Protecting Your Community from Race Discrimination Claims
In honor of Martin Luther King Day, the January 2012 lesson of Fair Housing Coach focuses on discrimination based on race—the bedrock of fair housing law. For much of the law’s history, the majority of formal fair housing complaints were based on race. Although disability claims now hold the top spot, race discrimination complaints remain a close second—accounting for roughly a third of all formal fair housing complaints.
Federal fair housing enforcement officials and fair housing advocates remain vigilant for racial discrimination in housing. Federal funding earmarked for fair housing initiatives have led to increased testing, often triggering lawsuits—and large cash settlements for damages and penalties.
Here are some tips from January’s lesson to avoid the pitfalls that can lead to race discrimination claims:
Keep Race Out of the Leasing Process. It’s illegal to allow race to play any part in decisions about who may live in your community. Fair housing law prohibits communities from refusing to rent or making housing unavailable to anyone based on his race—or that of his household members or anyone associated with them. And since it also outlaws unequal treatment in the application process, it’s important to apply racially neutral policies, procedures, and qualification standards for leasing units in the community.
Focus on Employee Training. Adopting solid nondiscriminatory policies is a good first step, but effective employee training is required to put them in action. For example, make sure that all employees understand that they could trigger a fair housing complaint by comments—offhand or otherwise—that express a preference for or against someone based on race.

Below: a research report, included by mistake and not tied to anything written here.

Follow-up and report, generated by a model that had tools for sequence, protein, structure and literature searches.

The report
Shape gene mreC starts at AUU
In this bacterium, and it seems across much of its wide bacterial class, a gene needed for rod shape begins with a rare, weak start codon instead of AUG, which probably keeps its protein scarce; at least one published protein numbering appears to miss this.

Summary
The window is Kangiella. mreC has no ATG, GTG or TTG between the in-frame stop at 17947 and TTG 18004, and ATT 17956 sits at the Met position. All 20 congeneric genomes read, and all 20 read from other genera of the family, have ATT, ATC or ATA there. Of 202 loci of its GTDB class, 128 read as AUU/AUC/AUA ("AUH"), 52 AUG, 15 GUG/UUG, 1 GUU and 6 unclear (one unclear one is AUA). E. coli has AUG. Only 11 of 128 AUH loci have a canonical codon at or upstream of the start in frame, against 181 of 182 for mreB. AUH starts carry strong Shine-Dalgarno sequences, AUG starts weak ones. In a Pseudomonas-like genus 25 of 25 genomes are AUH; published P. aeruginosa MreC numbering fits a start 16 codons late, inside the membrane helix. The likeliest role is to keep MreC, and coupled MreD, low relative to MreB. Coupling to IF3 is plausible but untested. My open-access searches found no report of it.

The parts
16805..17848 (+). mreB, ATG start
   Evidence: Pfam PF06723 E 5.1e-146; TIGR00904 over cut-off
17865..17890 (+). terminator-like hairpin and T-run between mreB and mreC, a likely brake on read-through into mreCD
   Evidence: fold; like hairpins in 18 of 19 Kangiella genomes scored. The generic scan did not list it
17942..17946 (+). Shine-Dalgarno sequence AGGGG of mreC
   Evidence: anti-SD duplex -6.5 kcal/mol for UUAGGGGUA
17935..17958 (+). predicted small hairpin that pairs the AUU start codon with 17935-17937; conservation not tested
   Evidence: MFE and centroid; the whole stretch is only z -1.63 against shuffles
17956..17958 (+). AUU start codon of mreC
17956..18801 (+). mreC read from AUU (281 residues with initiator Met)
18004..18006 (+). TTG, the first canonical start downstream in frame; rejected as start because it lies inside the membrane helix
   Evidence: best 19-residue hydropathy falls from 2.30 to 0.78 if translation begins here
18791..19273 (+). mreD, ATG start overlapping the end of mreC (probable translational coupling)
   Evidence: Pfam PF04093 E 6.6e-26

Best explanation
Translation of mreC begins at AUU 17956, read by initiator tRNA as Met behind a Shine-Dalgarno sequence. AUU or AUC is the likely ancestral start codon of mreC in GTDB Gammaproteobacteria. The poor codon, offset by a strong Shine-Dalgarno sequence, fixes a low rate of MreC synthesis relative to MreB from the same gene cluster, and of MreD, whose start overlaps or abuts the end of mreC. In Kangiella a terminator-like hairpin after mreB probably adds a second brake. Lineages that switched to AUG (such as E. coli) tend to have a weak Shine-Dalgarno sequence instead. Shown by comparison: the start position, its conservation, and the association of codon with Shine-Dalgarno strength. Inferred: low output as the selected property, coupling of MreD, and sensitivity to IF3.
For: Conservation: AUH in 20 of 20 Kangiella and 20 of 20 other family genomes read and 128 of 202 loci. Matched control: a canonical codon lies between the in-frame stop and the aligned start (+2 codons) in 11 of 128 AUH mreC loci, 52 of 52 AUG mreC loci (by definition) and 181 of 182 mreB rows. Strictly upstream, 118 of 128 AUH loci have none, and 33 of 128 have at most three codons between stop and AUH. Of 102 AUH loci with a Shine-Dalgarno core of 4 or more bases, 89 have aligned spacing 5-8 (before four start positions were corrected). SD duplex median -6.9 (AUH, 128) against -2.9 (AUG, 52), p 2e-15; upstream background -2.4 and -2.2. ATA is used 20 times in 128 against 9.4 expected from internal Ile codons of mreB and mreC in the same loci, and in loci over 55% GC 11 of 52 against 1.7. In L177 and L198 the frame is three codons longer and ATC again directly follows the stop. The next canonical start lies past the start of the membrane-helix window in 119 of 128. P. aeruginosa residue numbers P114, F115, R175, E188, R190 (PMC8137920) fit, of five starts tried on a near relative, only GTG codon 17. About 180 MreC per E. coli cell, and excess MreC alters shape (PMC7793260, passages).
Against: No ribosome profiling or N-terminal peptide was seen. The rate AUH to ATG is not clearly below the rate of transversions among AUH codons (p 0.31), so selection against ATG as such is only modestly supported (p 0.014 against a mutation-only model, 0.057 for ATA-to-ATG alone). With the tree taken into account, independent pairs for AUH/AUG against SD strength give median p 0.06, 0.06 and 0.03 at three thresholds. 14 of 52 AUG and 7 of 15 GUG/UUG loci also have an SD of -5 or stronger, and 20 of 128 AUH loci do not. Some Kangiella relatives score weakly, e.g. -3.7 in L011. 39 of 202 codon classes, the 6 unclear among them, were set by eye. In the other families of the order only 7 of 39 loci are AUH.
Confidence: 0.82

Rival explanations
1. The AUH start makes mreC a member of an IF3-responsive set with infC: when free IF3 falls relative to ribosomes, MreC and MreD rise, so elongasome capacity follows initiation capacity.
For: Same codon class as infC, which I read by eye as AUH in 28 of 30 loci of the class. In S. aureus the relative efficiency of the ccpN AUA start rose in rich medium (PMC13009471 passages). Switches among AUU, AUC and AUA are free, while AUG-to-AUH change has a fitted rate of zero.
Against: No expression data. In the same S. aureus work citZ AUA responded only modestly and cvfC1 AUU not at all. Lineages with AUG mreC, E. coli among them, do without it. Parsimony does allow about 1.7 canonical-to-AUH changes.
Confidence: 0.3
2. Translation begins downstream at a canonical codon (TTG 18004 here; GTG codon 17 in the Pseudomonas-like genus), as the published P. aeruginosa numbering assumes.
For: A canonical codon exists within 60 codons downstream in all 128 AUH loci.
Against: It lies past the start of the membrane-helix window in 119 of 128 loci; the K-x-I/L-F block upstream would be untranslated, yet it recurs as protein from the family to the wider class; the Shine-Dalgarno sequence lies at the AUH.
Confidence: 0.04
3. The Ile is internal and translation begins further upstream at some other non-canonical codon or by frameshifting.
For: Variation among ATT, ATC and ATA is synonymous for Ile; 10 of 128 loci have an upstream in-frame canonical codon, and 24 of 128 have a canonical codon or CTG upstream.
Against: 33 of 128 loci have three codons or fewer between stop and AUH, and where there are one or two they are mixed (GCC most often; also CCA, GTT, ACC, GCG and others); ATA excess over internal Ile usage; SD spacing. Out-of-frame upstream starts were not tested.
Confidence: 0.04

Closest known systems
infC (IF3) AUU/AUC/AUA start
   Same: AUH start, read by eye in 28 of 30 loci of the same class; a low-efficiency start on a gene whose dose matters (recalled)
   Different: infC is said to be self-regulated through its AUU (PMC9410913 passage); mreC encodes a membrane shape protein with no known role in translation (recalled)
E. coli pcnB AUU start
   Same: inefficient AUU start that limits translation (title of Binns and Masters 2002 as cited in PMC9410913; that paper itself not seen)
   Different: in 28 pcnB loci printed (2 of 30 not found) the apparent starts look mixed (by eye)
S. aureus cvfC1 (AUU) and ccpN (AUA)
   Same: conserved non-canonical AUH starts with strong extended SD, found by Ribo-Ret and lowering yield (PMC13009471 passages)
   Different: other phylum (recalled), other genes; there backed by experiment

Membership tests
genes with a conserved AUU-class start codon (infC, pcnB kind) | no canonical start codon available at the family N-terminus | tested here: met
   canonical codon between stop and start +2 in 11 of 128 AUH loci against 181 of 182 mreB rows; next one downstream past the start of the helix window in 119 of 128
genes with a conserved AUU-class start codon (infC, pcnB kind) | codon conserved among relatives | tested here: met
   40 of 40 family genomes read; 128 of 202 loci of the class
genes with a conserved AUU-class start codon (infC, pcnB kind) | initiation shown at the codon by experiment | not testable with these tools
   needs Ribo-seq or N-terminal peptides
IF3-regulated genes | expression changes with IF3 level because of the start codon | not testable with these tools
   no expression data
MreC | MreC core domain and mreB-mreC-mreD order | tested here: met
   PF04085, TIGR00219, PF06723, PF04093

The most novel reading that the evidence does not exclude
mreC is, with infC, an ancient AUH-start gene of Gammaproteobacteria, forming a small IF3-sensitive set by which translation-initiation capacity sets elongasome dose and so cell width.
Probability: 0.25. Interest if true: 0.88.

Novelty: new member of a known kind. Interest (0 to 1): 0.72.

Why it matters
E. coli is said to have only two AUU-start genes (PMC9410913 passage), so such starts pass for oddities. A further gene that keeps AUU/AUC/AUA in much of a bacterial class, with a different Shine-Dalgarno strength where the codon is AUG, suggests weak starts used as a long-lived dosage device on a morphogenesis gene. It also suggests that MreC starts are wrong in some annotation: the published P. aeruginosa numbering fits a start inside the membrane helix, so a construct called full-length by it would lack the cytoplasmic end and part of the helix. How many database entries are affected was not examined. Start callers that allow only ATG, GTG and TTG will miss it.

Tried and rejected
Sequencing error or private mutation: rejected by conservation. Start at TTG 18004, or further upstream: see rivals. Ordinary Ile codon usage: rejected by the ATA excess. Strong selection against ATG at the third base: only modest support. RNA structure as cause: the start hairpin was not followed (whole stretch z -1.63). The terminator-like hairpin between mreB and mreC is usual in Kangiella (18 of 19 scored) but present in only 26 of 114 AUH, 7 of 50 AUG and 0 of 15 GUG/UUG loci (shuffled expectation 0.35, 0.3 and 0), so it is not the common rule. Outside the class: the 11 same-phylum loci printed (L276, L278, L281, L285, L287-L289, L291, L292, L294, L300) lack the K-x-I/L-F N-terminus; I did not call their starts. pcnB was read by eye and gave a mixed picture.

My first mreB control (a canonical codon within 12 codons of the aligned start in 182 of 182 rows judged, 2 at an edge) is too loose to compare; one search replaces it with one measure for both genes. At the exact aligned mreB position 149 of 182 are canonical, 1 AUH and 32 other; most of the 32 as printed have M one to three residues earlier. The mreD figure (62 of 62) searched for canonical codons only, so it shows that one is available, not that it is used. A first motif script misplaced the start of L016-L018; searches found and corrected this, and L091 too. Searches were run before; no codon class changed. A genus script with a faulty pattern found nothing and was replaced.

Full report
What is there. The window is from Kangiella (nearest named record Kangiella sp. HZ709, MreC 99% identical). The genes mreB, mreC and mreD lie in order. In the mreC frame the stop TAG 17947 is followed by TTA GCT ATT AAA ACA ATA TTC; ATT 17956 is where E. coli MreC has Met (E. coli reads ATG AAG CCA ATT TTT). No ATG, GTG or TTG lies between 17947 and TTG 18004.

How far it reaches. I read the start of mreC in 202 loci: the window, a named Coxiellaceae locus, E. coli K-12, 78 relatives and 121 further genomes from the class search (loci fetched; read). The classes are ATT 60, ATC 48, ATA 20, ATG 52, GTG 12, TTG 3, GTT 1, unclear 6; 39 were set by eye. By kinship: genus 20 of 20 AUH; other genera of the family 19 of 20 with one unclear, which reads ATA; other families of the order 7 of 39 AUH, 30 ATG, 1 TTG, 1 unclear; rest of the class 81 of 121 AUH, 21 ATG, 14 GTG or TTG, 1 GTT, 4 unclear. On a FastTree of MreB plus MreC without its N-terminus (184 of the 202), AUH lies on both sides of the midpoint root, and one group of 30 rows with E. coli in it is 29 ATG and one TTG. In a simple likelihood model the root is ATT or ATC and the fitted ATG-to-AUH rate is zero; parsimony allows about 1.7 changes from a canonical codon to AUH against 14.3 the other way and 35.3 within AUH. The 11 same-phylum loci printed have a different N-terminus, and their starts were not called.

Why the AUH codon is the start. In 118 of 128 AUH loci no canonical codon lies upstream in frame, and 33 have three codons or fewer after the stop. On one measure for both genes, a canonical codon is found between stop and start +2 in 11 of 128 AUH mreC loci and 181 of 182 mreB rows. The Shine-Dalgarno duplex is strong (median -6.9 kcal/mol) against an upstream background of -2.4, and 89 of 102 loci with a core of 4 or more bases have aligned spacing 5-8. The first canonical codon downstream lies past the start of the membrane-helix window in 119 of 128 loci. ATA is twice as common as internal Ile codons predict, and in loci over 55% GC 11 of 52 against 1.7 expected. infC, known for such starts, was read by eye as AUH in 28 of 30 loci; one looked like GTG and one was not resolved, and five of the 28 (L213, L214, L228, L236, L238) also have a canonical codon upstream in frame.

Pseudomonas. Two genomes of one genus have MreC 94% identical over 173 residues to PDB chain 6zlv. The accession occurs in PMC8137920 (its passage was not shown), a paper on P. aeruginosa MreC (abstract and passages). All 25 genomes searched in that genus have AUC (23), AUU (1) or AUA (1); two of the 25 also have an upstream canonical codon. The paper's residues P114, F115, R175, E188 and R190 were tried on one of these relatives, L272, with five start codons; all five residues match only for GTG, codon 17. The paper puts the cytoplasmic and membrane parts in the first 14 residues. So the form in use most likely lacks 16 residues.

Prevent Personal Biases from Derailing Fair Housing Efforts. Even the best policies and training won’t protect your community from fair housing problems if an employee’s personal biases are allowed to spill into the leasing office or elsewhere in the community. Stress the importance of treating prospects, applicants, and residents the same, regardless of race, starting with the first contact—whether it’s in person, by telephone, or by email or other online contact.
Make Sure Rules Are Fair—and Enforced Fairly. Fair housing claims often stem from adverse actions taken against residents for violating lease provisions or community policies or rules. In some cases, it’s a claim of “disparate treatment—that is, that the rules are being selectively enforced against a resident because of his race. Less commonly, it’s a claim of “disparate impact,” where seemingly neutral rules have a disproportionate effect on racial minorities or other protected groups. Avoid either claim by making sure that your community’s rules are fair—and enforced consistently—regardless of race, color, or other protected characteristic.
Look for the complete lesson, with examples and the Coach’s Quiz, on our home page.
Source: Fair Housing Coach, January 2012